Dexter: ‘Let’s Give The Boy A Hand’

Twists and turns from start to finish, is episode focuses solely on the Ice Truck Killer and is engrossing from start to an explosive finish.

I have understood the metaphorical subtext of Dexter’s theme. It’s this: everyone wears a mask to cover their true appearances, and Dexter is only the physical manifestation of this fact. I won’t mask my glee in discovering this fact, but it was something I should have known from learning of the premise.

This episode starts with the police finding an amputated hand in Petrey Beach (“Interesting handjob”). Dexter seems to remember the place…but he just can’t put his finger on it. The Ice Truck Killer is back, but this time there’s blood. Dexter realizes that The Killer’s game is becoming more personal than he expected. Doakes is in danger of being killed by Guerrero, Angel wants the perfect anniversary gift and Rita is having neighbor problems. It culminates in an explosive scene where the Killer hands a victim to Dexter gift wrapped…I won’t spoil it for you.

The first thing that I loved about this episode was how the writers used Halloween quite nicely as the backdrop. Dexter wasn’t alone in wearing a mask and his thoughts showed that. Another thing that I loved was how the Killer’s methods weaved in Dexter’s memories and how that affects him. There were quite a non-linear flashbacks here, but they all contained Harry’s lessons to Dexter about fitting and blending in. The final scene was the best, but it only strengthened Dexter’s beliefs in The Code of Harry.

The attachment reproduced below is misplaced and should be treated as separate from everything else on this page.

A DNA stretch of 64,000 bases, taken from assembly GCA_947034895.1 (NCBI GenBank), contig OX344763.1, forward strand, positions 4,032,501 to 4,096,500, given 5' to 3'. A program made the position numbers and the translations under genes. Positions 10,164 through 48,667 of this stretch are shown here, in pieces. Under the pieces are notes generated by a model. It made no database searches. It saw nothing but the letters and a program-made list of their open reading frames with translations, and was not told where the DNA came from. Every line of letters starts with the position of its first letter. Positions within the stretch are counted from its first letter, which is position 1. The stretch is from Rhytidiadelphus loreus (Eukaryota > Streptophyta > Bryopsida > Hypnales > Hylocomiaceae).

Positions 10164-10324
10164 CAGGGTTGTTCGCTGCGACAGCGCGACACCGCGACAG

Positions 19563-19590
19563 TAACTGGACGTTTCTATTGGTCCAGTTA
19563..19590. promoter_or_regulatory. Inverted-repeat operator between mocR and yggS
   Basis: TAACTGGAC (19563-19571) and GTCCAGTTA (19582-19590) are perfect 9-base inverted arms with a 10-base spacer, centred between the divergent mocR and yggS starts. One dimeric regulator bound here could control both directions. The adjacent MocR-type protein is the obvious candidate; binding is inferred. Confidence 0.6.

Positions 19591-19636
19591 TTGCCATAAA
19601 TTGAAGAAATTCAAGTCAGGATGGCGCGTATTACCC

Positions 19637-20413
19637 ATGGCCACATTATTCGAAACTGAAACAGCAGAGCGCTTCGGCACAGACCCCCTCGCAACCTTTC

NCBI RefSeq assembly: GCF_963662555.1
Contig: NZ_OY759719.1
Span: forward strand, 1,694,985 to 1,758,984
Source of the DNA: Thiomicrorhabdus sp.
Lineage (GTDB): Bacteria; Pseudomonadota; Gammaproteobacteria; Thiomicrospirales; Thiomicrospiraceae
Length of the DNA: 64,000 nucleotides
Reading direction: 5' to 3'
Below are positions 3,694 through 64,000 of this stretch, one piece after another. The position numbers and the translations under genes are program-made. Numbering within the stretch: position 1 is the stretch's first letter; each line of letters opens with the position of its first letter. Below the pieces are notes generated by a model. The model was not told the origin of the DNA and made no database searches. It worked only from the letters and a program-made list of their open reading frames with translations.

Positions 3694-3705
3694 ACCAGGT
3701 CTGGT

Rita took a hard stance in this episode when her neighbor’s dog keeps yapping and her children can’t sleep. Dexter couldn’t do anything and she looked kick-ass in a Lara Croft costume. I can’t wait to see the confrontation between Dexter and the Killer simply because the Killer is raising the stakes and is making it more personal for Dexter. The subtext that surrounds Dexter is great only because the other characters don’t have the pieces of the puzzle that Dexter has.

All in all, Dexter is turning out to be a show I can’t wait to continue.


Dexter: "Popping Cherry"

It looks like the writers have a hold of the pacing of their show. Much better than “Crocodile”, this episode satisfies plot development and gives us a much more meatier flashback sequence.

I think I have identified the structure of a Dexter episode: Ice Truck Killer arc, individual criminal that Dexter targets, and a case that the police deal with, plus Dexter’s and Rita’s relationship, accompanied by a couple of subplots from subsidiary characters. Now that I have identified it, I think I’ll feel more comfortable with the show because familiarity breeds comfort. That’s why I love 24 and The Shield and Breaking Bad: Jack Bauer and Walter White (and Pinkman!), and Vic Mackey are characters that I enjoy watching simply because I have witnessed their actions and emotions for a long time and feel for them. That’s where great TV shows beat out great movies. It takes time to develop characters and only TV shows have it. But you can’t compare the two mediums anyway.